Let’s face it, we live and work in a world that's uber-focused on sustainability and digitalization. Increasingly, that focus centers on how those two goals are intertwined in the name of efficiency (and profitability, of course.) At this point, one wonders if it’s even possible to have sustainable industrial operations without going through a digital transformation? The smart answer is “no.”
Don’t get me wrong, true sustainability would back us up to before industrialization even happened, but none of us have the stomach to live a never-ending episode of “Survivor” or “Naked and Afraid.” I shudder at the thought.
A few weeks ago, I took a trip to Charlotte, N.C., to join a host of other global journalists at Honeywell’s new-ish, “smart” tower in the heart of the city. While I focus on processing plants for a living, there was a plethora of information to be gained from hearing and seeing how the company works with partners to forge sustainable buildings and cityscapes that are sustainable and efficient. Incidentally, my colleague, Jim Montague, joined Honeywell in the Chicago area around the same time, and you can read his report on the plants he toured on page 22 of this issue.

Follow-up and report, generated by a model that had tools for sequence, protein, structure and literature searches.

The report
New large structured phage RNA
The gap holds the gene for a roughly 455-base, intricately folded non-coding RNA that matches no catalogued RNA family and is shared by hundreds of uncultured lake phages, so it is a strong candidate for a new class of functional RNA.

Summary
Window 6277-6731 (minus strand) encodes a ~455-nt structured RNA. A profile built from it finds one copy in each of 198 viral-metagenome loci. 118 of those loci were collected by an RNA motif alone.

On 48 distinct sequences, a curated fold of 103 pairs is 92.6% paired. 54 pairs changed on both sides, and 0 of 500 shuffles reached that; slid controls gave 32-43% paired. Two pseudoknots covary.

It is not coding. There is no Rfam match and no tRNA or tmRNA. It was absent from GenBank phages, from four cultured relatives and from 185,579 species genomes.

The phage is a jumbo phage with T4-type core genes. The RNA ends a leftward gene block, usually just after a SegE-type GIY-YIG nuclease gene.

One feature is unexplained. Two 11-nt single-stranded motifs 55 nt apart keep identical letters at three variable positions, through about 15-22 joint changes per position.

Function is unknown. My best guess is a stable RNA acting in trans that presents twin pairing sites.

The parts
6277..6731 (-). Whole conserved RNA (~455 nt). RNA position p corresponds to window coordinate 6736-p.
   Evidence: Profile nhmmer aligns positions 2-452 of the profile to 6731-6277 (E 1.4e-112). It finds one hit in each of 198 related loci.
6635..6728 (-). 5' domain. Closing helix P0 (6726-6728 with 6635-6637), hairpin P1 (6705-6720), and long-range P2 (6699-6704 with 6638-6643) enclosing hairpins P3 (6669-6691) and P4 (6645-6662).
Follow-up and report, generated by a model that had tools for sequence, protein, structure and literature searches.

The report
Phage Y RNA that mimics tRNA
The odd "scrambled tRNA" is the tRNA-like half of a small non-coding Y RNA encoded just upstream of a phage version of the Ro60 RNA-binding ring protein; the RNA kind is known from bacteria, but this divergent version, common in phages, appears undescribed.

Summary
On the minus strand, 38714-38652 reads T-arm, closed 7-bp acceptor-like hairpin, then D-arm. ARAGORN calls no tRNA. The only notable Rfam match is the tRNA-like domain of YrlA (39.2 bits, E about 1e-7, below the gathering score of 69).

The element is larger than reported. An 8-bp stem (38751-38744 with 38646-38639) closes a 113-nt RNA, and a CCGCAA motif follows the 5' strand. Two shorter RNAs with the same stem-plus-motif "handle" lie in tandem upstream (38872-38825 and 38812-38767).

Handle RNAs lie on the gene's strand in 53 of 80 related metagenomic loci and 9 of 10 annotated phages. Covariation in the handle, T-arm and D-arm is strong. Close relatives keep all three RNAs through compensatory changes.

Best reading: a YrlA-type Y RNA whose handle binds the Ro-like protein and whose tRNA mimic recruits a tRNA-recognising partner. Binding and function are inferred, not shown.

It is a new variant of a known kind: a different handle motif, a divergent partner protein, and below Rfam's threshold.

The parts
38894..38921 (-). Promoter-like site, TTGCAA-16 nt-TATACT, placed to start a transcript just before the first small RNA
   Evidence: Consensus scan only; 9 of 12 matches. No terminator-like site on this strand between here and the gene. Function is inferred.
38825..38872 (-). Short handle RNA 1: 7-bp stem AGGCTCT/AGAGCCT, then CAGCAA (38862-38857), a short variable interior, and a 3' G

Whether an office building or an industrial plant, the cost of downtime and inefficient safety controls is increasing. One hour of downtime for any mid-sized or large company can cost about $1 million or more, according to Manish Sharma, chief product officer of Honeywell’s connected buildings unit. Meanwhile, there are constantly changing and increasing cyber-threats that the FBI says have cost Americans $10 billion or more. That’s why smart buildings, plants and factories are increasingly embracing digitalization, automation and electrification efforts. It just makes sense.
Becoming a “smart” plant is an intricate dance tween OT and IT. It’s a refrain I’ve heard time and again from those I talk to in the process industries. In addition, sustainability goals, particularly as regulations and change from industry to industry, add to the formidable task. So where do you begin?
Instrumentation and software suppliers are increasingly up to the task, and updating their technology with digital transformation and sustainability in mind. Meanwhile, they also realize the need for expert help in setting up smart facilities. These days, the vendor experience goes beyond supplying products. It requires becoming a partner in transforming industrial operations and plants, especially for those companies without the resources to embark on these transformations on their own.
So, getting there is becoming easier and there’s no time to waste. So, check with your suppliers, I’m sure they’d be all too happy to help you get on your way. After all, it’s the really “smart” thing to do.